Your rights for compensation if you slip on ice or snow – and who is to blame

Storm Arwen caused chaos last weekend, with parts of the UK blanketed in snow, battered by 100mph winds and thousands of homes left without power – but are you entitled to compensation if you slip on ice?

Who is to blame if you slip on snow or ice?

The temperature is dropping and winter means many of us will be trying to side-step ice on the pavements.

But are you entitled to any sort of compensation if you fall and hurt yourself on slippery surfaces?

Storm Arwen caused chaos last weekend, with parts of the UK blanketed in snow, battered by 100mph winds and thousands of homes left without power.

It was last week confirmed that 15,000 households could get up to £140 a day energy refunds after they were left in the dark for days.

The energy regulator, Ofgem, has said the usual £700 limit on compensation has been waived.

The payouts come from network operators – the firms which handle the physical side of supplying energy like fixing pipes.

Can you claim compensation if you slip on ice?

Kathryn Hart, personal injury partner at Lime Solicitors, discusses whether you can make a personal injury claim if you fall on ice.

Unfortunately, like the act itself – this is also a slippery area.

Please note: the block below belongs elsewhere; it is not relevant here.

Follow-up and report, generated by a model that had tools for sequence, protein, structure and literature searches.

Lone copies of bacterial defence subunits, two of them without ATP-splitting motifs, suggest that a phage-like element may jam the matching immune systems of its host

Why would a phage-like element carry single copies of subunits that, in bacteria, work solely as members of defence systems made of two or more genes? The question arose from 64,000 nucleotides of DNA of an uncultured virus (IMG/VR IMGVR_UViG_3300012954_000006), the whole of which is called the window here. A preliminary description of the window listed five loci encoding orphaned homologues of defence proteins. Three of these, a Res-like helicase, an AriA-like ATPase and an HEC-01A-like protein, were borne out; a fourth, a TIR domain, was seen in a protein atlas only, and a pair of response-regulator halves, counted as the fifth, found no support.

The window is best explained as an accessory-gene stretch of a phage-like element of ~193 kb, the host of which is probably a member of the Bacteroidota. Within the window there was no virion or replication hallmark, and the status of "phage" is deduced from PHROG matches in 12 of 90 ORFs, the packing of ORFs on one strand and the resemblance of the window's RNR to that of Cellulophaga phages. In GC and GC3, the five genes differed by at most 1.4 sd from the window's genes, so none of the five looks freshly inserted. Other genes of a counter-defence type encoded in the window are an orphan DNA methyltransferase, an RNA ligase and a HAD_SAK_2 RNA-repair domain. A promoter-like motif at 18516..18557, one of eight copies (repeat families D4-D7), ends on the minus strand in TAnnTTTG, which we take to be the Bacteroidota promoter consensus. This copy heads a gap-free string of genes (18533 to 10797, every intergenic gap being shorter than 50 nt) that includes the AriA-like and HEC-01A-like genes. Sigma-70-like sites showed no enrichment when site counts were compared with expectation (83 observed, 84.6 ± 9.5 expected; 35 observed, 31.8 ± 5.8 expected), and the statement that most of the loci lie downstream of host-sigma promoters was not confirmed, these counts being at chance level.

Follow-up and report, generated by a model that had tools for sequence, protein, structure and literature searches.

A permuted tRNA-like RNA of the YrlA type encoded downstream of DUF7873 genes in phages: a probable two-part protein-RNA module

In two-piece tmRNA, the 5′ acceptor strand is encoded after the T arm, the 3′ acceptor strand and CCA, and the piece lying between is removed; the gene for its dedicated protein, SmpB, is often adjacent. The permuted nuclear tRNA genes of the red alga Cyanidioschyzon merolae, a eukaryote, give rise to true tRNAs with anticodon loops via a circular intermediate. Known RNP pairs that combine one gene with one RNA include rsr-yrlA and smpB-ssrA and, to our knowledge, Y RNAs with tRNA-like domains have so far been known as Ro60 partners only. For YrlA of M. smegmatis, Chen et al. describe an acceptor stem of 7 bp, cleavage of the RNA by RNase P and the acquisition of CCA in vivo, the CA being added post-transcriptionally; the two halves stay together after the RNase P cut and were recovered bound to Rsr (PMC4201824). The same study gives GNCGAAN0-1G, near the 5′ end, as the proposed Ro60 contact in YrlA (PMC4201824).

To be eligible to claim compensation, you must have sustained injuries in an accident that was caused by negligence from someone else. This can be tricky to prove.

Falling on snow can be a slippery area when it comes to claiming compensation


Getty Images/iStockphoto)

When it comes to slipping on the street, Ms Hart says local authorities are legally required by the Highways Act 1980 to inspect, maintain and repair public roads and pavements.

“Highway authorities are under a duty to ensure, so far as is reasonably practicable, that safe passage along a highway is not endangered by snow or ice,” she said.

“So while the local authority does owe a duty of care on public roads and pavements, you might be in for a hard time claiming.

“This is because any compensation award has to be paid out of everyone’s council tax and the courts apply a very strict test to what is reasonably practicable, bearing in mind time and prioritisation and allocation of resources.”

As far as injuries at work are concerned, Ms Hart says the onus falls on your employer to make sure your workplace is a safe environment to work in.

This means they must do everything reasonably practicable to prevent employees slipping on ice and snow in the workplace

Ms Hart added: “This will include areas such as car parks, entrances and exits. It is important to understand that it has to be realistic.

“It is also worth knowing that it is illegal for your employer to sack you for making a compensation claim against them. This would amount to unfair dismissal.”

Falls on private property would be classed as an occupiers’ liability claim, she said.

The Occupiers’ Liability Act 1957 states that the occupier of a building must take reasonable care in all the circumstances to keep lawful visitors reasonably safe.

Here, you must be able to prove the owner of a building had not taken reasonable steps to ensure there was no build-up of ice or snow in car parks.

Ms Hart added: “However, it is worth bearing in mind that the law does not require people are kept completely safe from harm, only that steps are taken to ensure they are reasonably safe from harm.”

Read More

Read More

Source link

Back to top button